Underline with stars from first non-space character

I am using this bash function to print a phrase with stars below it.

outline ()
{
 titl="$1"
 n="${#titl}"
 st=$( printf '%*s' $n " " | tr ' ' '*' )
 printf '%s\n' "$titl" "$st"
}

The result of outline "Stack Overflow" will be

1234567890123456
Stack Overflow
**************

But with three spaces before the first letter S, the command outline " Stack Overflow" gives

12345678901234567890 
   Stack Overflow
*****************

I want to start the stars from the beginning of the first non-space character, so that the result of outline " Stack Overflow" will be

12345678901234567890 
   Stack Overflow
   **************

Have including column numbers on top to understand where things are to be placed.

4 answers

  • answered 2021-11-29 04:37 scavenger

    this works for all non-space characters: would your teacher accept it?

    outline ()
    {
     titl="$1"
     printf '%s\n%s\n' "${titl}" "${titl//[! ]/*}"
    }
    
    outline "  Stack Overflow"
      Stack Overflow
      ***** ********
    

  • answered 2021-11-29 06:03 Renaud Pacalet

    With only bash the following does what you show, thanks to the extended pattern matching (extglob) option:

    outline () {
      restore="$(shopt -p extglob)"
      shopt -s extglob
      spc="${1/[^[:space:]]*}"
      str="${1##+([[:space:]])}"
      printf '%s\n%s\n' "$1" "$spc${str//?/*}"
      eval "$restore"
    }
    

    Explanation: first record the current extglob status such that it can be restored before leaving the function. Then store the leading spaces in variable spc and the rest in variable str. Finally, print the original string, followed by a line formed by $spc and $str where each character has been replaced by a star.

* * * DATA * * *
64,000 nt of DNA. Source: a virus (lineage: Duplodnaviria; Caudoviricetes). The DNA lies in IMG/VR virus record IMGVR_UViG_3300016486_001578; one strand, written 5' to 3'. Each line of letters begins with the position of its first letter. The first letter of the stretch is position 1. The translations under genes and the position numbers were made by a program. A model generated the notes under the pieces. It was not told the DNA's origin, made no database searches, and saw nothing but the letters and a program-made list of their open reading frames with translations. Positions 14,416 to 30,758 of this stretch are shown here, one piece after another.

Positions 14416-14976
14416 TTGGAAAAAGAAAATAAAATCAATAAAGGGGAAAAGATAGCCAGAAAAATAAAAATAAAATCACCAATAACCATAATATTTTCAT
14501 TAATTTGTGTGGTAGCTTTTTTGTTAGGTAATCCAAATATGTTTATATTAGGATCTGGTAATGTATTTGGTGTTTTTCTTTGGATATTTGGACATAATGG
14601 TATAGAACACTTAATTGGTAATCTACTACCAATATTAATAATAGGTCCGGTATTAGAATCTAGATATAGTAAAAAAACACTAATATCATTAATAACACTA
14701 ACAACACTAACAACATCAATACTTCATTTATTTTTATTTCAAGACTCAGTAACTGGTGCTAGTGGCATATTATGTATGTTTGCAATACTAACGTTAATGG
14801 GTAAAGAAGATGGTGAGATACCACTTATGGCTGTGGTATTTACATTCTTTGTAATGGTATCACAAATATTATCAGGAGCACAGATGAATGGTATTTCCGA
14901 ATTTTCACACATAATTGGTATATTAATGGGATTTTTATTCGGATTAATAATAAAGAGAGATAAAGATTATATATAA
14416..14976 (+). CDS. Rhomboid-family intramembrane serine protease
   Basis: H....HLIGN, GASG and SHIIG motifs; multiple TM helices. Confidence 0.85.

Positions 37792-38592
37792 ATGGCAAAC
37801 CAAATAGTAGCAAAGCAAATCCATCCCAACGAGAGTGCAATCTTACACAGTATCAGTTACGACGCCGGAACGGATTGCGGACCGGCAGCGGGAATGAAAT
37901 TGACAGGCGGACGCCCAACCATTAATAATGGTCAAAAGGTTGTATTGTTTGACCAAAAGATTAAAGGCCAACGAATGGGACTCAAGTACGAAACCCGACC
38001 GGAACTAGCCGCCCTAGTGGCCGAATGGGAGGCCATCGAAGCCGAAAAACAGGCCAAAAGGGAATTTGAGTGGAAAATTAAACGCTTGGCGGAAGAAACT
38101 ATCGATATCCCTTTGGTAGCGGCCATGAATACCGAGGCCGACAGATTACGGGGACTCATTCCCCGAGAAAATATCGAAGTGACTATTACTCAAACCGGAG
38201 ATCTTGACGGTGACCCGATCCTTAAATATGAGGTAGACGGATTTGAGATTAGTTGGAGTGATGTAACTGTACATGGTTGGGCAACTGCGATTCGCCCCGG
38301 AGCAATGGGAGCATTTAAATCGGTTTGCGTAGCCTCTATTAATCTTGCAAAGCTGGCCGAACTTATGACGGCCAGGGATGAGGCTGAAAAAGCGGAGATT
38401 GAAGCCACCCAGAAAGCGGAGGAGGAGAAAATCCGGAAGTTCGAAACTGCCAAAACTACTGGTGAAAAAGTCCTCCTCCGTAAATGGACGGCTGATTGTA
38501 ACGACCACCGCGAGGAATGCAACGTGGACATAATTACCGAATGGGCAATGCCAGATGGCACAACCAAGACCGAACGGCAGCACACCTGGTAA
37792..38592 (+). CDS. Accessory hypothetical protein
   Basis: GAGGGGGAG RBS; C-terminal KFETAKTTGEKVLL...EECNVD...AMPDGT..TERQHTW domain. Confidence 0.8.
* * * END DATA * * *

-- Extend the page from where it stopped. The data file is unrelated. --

A one-liner with sed (tested with GNU sed):

    outline () {
      sed -E 'p;s/^([[:space:]]*)./\1*/;:a;s/\*[^*]/**/;ta' <<< "$1"
    }
    

    Explanation: first print the string. Next, substitute the first non-space character by a star. Then substitute a star followed by a non-star character by two stars and repeat as long as there is a match. Finally sed automatically prints the result.

  • answered 2021-11-29 06:14 Cyrus

    With bash:

    outline ()
    { 
      local titl spaces
      titl="$1"
      
      # extract leading spaces
      [[ $titl =~ ^(\ )* ]]; spaces="${BASH_REMATCH[0]}"
      
      # remove leading spaces from titl
      titl="${titl/#$spaces/}"
      
      echo "$spaces$titl"
      echo "$spaces${titl//?/*}"
    }
    

  • answered 2021-11-29 11:25 M. Nejat Aydin

    In pure bash:

    outline () {
        local leading_blanks=${1%%[![:blank:]]*}
        local trimmed=${1#"$leading_blanks"}
        printf '%s\n%s%s\n' "$1" "$leading_blanks" "${trimmed//?/*}"
    }
    
    outline "   Stack Overflow"
    

    Explanation:

    • ${1%%[![:blank:]]*} deletes from the first non-blank character through end of string, from $1. Remaining characters are just leading blanks, if any.
    • ${1#"$leading_blanks"} removes the leading blank characters (if any) from $1.
    • "${trimmed//?/*}" replaces each character in the variable trimmed with a *.

    For detailed information about all types of parameter expansion in bash, read Shell Parameter Expansion

    Alternatively, a single sed command will do the job, though, I would definitely prefer the pure bash version:

    outline () {
    sed 'h
         s/^[[:blank:]]*//
         s/./*/g
         H
         g
         s/^\([[:blank:]]*\)\(.*\n\)\(.*\)/\1\2\1\3/' <<< "$1"
    }
    

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